Figure 1. Rendering approaches of AWT, SWT, and Swing

The SWT API is the same on all different supported platforms. Behind the scenes, SWT uses a factory pattern of sorts to plug the right implementations for a given platform. Not only do SWT applications look like they belong among other native applications, but they also feel like native applications. Figure 2 provides a graphical overview of the SWT architecture.

Figure 2. SWT packages

At the time of this writing, SWT has been ported to the following platforms (operating systems and windowing systems): aix/motif, hpux/motif, linux/gtk, linux/motif, linux/qt, macos/carbon, qnx/photon, solaris/motif, win32/win32, and win32-ce/win32. SWT is also a very lightweight API, which makes it ideal for embedded devices as demonstrated by the Windows CE port.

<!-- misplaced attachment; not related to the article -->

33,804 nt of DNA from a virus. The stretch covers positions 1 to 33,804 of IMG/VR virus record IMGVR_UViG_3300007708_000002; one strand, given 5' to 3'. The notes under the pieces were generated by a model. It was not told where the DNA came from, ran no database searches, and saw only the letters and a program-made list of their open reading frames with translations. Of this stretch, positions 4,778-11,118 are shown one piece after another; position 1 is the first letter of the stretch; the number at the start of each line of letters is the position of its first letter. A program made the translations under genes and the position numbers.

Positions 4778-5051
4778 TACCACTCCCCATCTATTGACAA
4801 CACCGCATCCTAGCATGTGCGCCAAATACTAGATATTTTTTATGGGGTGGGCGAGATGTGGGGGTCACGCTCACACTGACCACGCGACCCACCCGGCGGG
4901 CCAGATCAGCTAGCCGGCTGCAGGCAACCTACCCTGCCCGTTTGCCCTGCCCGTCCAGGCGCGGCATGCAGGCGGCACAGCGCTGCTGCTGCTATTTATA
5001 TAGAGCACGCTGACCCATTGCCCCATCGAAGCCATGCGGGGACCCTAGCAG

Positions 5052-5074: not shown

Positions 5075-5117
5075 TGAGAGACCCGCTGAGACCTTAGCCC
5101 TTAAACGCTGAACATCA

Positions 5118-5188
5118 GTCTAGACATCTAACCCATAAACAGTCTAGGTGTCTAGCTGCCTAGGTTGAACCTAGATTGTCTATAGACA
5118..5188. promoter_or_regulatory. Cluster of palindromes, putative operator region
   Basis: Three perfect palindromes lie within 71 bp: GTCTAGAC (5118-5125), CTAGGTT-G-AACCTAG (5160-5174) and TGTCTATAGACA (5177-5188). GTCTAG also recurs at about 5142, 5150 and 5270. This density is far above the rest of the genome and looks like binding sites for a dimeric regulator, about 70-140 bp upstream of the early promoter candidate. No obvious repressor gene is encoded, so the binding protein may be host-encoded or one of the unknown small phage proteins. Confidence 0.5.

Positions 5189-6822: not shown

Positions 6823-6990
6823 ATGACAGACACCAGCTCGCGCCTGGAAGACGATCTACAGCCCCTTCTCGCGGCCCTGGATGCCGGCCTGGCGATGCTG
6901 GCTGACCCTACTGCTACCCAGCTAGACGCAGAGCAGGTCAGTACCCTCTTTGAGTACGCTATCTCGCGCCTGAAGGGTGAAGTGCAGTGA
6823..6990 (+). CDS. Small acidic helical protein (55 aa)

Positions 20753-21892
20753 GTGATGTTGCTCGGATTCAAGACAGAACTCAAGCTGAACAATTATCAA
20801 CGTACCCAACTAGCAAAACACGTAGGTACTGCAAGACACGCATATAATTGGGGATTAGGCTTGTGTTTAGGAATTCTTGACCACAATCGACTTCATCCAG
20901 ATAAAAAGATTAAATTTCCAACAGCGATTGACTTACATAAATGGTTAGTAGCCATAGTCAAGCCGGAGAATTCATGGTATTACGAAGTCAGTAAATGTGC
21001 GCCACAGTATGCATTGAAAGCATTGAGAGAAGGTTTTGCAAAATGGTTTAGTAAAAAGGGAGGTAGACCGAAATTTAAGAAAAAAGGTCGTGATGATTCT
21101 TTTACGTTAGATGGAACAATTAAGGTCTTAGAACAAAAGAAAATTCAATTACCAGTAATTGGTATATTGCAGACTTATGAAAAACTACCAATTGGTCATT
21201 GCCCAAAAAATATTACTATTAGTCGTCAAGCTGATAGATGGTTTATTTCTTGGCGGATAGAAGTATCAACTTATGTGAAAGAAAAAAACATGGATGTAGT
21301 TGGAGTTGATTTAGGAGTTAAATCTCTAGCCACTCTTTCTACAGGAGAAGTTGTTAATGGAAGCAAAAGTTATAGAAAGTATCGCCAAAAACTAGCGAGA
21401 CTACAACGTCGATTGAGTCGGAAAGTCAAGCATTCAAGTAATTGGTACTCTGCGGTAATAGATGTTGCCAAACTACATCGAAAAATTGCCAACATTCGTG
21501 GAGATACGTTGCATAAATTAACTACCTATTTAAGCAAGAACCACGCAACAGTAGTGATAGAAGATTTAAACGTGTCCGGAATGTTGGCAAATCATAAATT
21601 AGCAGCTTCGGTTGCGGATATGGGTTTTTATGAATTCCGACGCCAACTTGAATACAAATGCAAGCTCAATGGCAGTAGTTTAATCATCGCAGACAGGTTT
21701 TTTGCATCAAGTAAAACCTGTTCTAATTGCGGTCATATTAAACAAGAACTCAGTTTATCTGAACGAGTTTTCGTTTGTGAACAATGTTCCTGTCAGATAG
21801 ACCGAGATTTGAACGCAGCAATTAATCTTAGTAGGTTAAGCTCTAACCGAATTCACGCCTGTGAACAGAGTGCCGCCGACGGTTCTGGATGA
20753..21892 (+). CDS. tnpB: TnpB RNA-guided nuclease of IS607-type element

JFace

From the previous description of SWT, you should have gotten the impression that it provides a raw widget set. But what about all of the advancements implemented in Swing, such as strong MVC microarchitectures for complex, often-used widgets such as Trees and Tables? To provide a more advanced, model-driven interaction with SWT, the Eclipse team created the JFace toolkit. JFace is a higher-level user interface toolkit that uses the raw SWT widgets to provide model-driven widgets, and to some extent some functionality that isn't available in the Swing libraries, such as advanced editors, dialog boxes, and wizards. JFace covers many areas of UI development that developers encounter over and over, and it provides a clean way to accomplish those tasks. JFace depends on SWT, but it doesn't hide SWT widgets. For example, JFace viewers, which are model-based content adapters for SWT widgets, provide methods to access the underlying SWT widgets. This duality provides developers with the separation and ability to choose between model-driven UI development and raw widget manipulation. Figure 3 shows a graphical overview of the JFace API.